'I Don't Feel Safe': Lawrence Woman Injured by Stove Issued After Merrimack Valley Gas Explosions - NBC10 Boston

'I Don't Feel Safe': Lawrence Woman Injured by Stove Issued After Merrimack Valley Gas Explosions

Kasandra Zardenas says she hasn't heard from Columbia Gas, adding the utility has not shown up to apologize or to explain what happened

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    NEWSLETTERS

    Woman Suffers Burns From Columbia Gas Issued Stove

    Kasandra Zardenas suffered first degree burns to her hands when flames burst out of the Columbia Gas issued stove in her Lawrence home.

    (Published Wednesday, Dec. 5, 2018)

    It’s been nearly three months since an over pressurized gas line caused thousands to lose gas in the Merrimack Valley, leaving many without heat and the ability to cook. Columbia Gas has been working to get things back to normal for residents, but one family says an appliance given to them by the utility caused a serious injury.

    Kasandra Zardenas recently suffered first degree burns to her hands and face after using her Columbia Gas issued stove. She and her family believe the flames shot from the oven were a result of the company restoring gas to residents living above her in Lawrence, Massachusetts.

    Following the incident, Zardenas is unable to work as a Primary Care Assistant, take care of her grandmother, who is in hospice care, or help her 4-year-old daughter with everyday tasks like putting on her clothes or brushing her hair.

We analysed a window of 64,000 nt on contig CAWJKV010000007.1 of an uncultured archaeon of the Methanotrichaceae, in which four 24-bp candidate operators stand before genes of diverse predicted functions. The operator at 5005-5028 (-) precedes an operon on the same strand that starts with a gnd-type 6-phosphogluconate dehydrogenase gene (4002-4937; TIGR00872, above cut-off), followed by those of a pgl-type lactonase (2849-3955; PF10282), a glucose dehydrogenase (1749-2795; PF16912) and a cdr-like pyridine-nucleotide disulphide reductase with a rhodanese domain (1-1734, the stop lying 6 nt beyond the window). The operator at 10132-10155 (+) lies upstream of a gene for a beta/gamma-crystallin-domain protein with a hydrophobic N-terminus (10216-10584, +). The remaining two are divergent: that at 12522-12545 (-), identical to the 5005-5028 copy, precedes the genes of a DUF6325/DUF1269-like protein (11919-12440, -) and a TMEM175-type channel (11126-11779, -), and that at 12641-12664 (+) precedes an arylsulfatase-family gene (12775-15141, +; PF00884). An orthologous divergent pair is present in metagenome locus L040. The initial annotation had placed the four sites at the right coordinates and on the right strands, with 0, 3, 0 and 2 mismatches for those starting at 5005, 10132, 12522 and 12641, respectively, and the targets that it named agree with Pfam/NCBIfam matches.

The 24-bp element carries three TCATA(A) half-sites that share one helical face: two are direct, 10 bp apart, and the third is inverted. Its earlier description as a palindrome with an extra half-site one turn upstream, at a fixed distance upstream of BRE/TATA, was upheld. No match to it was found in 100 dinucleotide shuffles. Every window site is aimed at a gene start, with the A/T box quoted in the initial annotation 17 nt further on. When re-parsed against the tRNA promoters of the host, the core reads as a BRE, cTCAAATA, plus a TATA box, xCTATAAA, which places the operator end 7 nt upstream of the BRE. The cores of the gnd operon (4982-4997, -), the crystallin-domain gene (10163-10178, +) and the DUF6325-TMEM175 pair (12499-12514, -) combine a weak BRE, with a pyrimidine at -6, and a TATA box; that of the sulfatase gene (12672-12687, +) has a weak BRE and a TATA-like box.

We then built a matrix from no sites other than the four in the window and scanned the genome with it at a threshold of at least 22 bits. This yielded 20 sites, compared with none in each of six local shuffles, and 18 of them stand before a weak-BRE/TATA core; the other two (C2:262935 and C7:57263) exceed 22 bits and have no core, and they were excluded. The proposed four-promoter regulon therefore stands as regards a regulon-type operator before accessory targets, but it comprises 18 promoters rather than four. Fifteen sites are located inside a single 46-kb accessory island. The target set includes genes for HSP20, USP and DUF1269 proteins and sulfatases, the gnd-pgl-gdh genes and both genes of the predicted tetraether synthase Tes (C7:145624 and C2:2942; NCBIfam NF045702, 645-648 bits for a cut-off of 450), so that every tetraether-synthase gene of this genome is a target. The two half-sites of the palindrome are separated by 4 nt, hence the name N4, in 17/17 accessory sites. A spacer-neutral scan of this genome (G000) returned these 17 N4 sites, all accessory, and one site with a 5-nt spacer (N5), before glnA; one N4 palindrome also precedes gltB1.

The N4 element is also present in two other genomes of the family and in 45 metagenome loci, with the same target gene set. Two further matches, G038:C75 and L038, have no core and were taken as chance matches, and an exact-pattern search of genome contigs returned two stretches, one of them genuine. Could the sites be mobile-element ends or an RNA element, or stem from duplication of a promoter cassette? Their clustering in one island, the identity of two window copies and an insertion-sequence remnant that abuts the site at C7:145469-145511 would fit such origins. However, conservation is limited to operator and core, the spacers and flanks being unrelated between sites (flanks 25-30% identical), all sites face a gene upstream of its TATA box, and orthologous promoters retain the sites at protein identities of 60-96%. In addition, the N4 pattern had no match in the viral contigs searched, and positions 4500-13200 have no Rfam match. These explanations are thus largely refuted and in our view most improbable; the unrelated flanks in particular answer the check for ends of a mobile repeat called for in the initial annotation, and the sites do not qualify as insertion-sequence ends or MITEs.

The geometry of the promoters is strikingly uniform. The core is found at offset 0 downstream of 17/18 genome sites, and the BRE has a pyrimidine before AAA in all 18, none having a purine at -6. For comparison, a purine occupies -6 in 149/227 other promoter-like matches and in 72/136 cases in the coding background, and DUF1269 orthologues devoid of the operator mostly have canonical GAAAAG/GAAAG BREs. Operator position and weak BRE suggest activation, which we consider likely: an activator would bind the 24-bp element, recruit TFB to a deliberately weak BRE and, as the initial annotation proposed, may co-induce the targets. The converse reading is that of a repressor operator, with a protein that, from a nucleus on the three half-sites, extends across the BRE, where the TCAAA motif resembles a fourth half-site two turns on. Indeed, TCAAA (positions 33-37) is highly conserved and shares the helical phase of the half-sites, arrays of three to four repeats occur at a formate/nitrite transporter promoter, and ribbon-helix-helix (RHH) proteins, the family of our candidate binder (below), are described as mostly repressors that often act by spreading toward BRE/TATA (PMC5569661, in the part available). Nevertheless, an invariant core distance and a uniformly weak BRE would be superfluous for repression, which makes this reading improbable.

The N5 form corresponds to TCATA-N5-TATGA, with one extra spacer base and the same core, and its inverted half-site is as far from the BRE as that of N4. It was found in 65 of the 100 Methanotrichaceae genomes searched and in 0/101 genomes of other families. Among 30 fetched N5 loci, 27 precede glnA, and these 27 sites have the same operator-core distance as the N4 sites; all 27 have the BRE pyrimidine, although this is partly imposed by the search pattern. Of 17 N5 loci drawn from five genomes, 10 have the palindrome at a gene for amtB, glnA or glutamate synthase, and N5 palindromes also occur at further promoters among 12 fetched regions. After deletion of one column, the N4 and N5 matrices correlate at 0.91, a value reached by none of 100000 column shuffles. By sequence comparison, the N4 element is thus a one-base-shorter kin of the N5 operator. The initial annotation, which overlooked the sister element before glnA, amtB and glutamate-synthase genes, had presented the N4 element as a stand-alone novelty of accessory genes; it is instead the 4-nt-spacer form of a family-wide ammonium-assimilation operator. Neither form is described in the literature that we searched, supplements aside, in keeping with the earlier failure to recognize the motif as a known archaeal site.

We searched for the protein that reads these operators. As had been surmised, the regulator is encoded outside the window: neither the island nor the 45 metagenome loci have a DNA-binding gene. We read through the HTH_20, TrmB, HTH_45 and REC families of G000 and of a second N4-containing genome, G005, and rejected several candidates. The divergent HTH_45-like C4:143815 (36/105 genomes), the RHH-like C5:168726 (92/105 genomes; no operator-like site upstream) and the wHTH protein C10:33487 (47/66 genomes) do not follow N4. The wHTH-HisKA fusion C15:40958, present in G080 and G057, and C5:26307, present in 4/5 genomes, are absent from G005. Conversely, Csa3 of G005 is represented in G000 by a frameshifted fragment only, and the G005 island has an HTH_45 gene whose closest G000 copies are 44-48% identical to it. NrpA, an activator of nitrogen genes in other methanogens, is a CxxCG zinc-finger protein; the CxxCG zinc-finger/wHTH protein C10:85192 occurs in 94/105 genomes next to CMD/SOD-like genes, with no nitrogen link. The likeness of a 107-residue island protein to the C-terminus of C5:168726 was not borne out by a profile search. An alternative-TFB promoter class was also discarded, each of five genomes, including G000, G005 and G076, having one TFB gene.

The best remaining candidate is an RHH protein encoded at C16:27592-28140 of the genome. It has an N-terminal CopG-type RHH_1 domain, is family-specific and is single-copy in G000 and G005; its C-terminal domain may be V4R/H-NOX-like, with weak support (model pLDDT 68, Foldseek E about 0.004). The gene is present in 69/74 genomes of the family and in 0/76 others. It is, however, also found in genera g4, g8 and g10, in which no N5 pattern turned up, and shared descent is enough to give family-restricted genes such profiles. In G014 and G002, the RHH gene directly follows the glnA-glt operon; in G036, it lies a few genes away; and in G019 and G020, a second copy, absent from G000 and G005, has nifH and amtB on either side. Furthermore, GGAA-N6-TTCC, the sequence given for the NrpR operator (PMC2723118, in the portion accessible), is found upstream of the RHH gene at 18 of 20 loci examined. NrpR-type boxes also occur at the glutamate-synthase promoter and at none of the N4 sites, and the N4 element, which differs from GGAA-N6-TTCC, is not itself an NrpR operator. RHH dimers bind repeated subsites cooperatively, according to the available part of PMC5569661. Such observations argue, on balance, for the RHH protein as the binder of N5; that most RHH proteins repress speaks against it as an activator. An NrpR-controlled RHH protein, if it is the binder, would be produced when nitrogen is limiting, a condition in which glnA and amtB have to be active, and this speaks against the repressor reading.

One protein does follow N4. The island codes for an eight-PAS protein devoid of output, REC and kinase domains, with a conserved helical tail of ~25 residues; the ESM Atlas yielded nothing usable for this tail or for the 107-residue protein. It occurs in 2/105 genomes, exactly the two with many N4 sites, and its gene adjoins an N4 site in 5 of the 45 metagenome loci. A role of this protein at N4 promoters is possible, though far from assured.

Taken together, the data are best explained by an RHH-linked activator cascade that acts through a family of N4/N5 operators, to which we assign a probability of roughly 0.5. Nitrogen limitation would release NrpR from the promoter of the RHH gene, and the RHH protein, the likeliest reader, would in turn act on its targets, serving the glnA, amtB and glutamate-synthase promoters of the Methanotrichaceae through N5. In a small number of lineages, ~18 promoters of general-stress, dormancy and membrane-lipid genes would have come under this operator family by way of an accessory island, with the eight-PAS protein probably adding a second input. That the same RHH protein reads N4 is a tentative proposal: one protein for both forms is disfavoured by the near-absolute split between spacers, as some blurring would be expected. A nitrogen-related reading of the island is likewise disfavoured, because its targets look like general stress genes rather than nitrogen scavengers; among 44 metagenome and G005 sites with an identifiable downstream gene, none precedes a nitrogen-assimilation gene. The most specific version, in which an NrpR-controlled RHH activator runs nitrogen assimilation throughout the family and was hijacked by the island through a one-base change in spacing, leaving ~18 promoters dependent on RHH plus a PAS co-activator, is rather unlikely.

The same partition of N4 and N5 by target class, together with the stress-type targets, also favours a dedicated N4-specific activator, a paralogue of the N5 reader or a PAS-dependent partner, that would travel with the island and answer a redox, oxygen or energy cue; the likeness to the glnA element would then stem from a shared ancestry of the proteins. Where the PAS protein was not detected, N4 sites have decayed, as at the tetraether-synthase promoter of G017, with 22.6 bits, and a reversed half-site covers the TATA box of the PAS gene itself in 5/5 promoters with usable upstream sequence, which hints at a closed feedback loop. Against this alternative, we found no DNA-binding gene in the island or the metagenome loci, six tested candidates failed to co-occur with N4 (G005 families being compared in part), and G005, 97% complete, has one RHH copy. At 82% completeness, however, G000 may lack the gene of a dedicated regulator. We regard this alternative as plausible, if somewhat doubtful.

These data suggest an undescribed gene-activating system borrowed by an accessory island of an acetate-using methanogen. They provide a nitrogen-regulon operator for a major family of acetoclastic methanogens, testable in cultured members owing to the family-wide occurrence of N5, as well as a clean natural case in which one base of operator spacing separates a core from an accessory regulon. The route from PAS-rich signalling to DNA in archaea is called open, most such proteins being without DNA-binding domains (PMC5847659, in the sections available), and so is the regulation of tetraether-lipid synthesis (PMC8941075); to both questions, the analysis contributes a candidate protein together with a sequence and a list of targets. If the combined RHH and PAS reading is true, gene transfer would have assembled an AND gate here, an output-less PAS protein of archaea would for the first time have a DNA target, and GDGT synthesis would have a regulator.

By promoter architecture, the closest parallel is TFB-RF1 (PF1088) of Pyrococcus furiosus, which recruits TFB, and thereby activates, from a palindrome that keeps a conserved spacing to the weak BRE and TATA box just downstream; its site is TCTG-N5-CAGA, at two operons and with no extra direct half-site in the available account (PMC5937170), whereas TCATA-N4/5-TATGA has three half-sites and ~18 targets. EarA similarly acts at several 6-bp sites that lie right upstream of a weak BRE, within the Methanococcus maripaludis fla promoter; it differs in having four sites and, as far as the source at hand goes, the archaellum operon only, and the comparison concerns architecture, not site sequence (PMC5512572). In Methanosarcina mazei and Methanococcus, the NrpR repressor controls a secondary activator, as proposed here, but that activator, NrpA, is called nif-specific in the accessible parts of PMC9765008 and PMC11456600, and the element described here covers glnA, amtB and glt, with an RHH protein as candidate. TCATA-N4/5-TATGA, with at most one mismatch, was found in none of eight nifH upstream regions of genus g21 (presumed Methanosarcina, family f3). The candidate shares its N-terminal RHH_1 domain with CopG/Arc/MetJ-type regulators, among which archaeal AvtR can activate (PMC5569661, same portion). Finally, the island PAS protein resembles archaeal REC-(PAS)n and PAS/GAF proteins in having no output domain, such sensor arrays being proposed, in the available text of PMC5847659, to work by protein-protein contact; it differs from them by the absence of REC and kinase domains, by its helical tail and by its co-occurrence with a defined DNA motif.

Zardenas says Columbia Gas has not provided an explanation of what happened or how it occurred.

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    “I want to know what happened," she said. "They haven’t showed up and said sorry or anything."

    The incident happened Sunday when Zardenas was cooking for her grandmother. She’s been cooking on the Columbia Gas issued stove for about the last month, which is when their gas was restored.

    “I tried to put out the fire. But it was growing, going up the stove," she said. "I just closed the door because there’s tanks of oxygen here and my grandmas here and she can barely walk.”

    Zardenas' cousin, Elizabeth Iguina, who lives on the third floor, says the incident happened on the same day that her own gas was restored.

    “I’m a hundred percent sure that it was caused by the work he was doing,” Iguina said of the Columbia Gas employee who came out to her home. "They didn't have no issues for a month and then the day he was working was the day that she got burnt.”

    Now, working inside the home causes Zardenas stress.

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    “I don’t feel safe working here," she said. "I don’t feel safe for my grandmother to be here in this house.”

    Colombia Gas has not responded to NBC10 Boston’s phone calls or emails seeking a comment from the utility.


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